“The people of Afghanistan are not to blame for the Taliban coming to power. And they do not deserve to have the international community turn away now,” Maas said.

“And if a new government is not able to keep the affairs of state running, there is a threat of economic collapse after the political one – with even more drastic humanitarian consequences,” he warned.

The German foreign minister met with U.S. Secretary of State Antony Blinken at Ramstein Air Base on Wednesday, a U.S. facility currently hosting over 11,000 Afghan refugees. 

Maas said he and Blinken would host a virtual meeting with colleagues from over 20 nations to formulate a “joint approach toward the Taliban” that will support Western interests, including “adherence to fundamental human rights, maintaining possibilities to leave, and humanitarian access, and the fight against terror groups.”

Maas’ comments highlight the dilemma facing Western leaders: the Taliban has not only Americans and Europeans stranded by President Joe Biden’s botched withdrawal as hostages, but the entire population of Afghanistan as well. Western governments and international agencies will inexorably be drawn toward recognizing the Taliban regime and lifting sanctions against it, protesting to the media every step of the way, because otherwise a humanitarian catastrophe will ensue.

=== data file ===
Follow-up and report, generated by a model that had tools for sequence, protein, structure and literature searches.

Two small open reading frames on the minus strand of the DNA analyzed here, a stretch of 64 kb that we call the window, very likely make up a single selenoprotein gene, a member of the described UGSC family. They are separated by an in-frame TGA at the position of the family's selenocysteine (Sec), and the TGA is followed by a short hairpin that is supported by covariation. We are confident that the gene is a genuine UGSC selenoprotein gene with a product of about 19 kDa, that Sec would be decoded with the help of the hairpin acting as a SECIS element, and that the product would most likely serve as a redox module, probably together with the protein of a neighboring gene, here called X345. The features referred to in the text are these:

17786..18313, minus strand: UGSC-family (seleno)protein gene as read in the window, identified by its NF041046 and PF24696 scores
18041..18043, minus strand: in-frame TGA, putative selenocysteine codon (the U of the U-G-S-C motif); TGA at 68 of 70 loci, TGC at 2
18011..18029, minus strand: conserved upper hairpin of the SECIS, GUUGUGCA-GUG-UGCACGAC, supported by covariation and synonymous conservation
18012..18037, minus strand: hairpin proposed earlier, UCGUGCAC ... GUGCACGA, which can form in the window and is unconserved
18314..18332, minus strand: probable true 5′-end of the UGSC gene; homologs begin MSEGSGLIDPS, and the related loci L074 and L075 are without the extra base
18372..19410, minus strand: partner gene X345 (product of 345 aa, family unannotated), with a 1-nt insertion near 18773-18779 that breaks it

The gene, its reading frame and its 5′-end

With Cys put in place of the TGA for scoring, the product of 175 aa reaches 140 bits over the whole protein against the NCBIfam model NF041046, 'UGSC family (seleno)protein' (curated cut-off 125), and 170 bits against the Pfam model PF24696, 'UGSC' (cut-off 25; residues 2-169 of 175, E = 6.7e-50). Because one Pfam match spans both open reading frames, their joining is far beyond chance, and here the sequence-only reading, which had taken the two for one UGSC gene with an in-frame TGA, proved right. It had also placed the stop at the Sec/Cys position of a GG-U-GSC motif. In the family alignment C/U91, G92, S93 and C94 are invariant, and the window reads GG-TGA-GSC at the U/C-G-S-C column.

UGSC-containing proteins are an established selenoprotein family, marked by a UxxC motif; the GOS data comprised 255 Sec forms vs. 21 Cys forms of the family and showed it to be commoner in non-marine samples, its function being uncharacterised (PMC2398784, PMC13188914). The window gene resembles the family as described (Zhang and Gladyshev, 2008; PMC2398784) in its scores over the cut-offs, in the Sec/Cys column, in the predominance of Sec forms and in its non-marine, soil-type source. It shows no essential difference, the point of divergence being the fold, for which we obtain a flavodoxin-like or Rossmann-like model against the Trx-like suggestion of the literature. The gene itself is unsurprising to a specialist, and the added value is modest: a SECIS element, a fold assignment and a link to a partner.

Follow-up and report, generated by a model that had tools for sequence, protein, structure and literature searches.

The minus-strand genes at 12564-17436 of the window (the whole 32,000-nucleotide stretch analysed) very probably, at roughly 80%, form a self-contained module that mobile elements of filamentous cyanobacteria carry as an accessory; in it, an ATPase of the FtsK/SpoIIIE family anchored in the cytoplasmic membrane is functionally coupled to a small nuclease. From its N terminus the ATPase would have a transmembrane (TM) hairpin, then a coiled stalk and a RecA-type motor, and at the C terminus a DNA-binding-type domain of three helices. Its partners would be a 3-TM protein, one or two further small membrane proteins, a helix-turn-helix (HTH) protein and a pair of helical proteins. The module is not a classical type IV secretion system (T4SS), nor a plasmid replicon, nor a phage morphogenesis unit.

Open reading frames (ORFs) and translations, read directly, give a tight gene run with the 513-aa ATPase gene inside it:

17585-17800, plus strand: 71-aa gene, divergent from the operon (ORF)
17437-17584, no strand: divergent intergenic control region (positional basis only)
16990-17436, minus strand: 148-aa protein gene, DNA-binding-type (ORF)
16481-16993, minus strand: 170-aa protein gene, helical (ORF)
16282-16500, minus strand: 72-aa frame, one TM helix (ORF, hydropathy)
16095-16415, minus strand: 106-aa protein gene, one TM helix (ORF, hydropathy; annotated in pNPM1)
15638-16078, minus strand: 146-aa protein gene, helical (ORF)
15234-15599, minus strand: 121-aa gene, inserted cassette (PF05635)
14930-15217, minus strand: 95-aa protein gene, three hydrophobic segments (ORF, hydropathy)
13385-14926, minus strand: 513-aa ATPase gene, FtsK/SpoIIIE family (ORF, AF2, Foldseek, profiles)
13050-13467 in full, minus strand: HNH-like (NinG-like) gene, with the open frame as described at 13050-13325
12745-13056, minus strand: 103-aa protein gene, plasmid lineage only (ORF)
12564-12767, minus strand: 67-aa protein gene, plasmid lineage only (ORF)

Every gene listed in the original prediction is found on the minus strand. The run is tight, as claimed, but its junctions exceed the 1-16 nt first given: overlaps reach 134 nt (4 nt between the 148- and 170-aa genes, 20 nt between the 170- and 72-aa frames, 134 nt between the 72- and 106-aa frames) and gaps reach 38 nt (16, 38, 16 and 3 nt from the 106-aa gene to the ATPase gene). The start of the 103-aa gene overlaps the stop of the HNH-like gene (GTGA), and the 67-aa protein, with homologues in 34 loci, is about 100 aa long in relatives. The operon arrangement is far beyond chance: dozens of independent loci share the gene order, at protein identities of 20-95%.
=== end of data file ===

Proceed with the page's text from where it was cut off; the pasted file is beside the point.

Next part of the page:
The United Nations on Wednesday made an emergency appeal for $606 million in additional funds for the benefit of the Afghan people, on top of $1.3 billion requested before the Taliban takeover, to stave off “drought, displacement, chronic poverty, and the sharp increase in hostilities as the Taliban swept to power,” as the Associated Press put it.

This is a remarkably large request for funds that will be nearly impossible to keep from the clutches of a regime whose top officials are almost entirely under sanctions from the U.N., and even if the money and aid supplies are not seized by Taliban thugs, the net effect of massive international humanitarian relief will be relieving the Taliban of all responsibility for the welfare of their captive population. 

The new “Islamic Emirate of Afghanistan” can focus on military spending, exporting radical ideology, supporting terrorism, and other dangerous elements of its core agenda while the Western nations it despises spend their taxpayers’ money on food and medicine for the Afghan people.

The Taliban’s business partners in China saluted the new Taliban regime, blandly hoped it would “listen broadly to people of all races and factions,” and insisted America and Europe are permanently on the hook for the welfare of the Afghan people.

“China’s foreign minister Wang Yi said the United States and its allies have more of a duty to supply economic and humanitarian aid to Afghanistan than any other country, according to a statement from the foreign ministry,” Reuters reported Wednesday.

Wang added that America and Europe “should help Afghanistan’s positive development while respecting its sovereignty and independence.” 

China will meanwhile be busy reaping huge profits from Afghanistan’s mineral resources. The regime in Beijing is bitterly opposed to the Western use of international sanctions to compel respect for human rights from authoritarian states, and can be expected to help the Taliban undermine any such international pressure.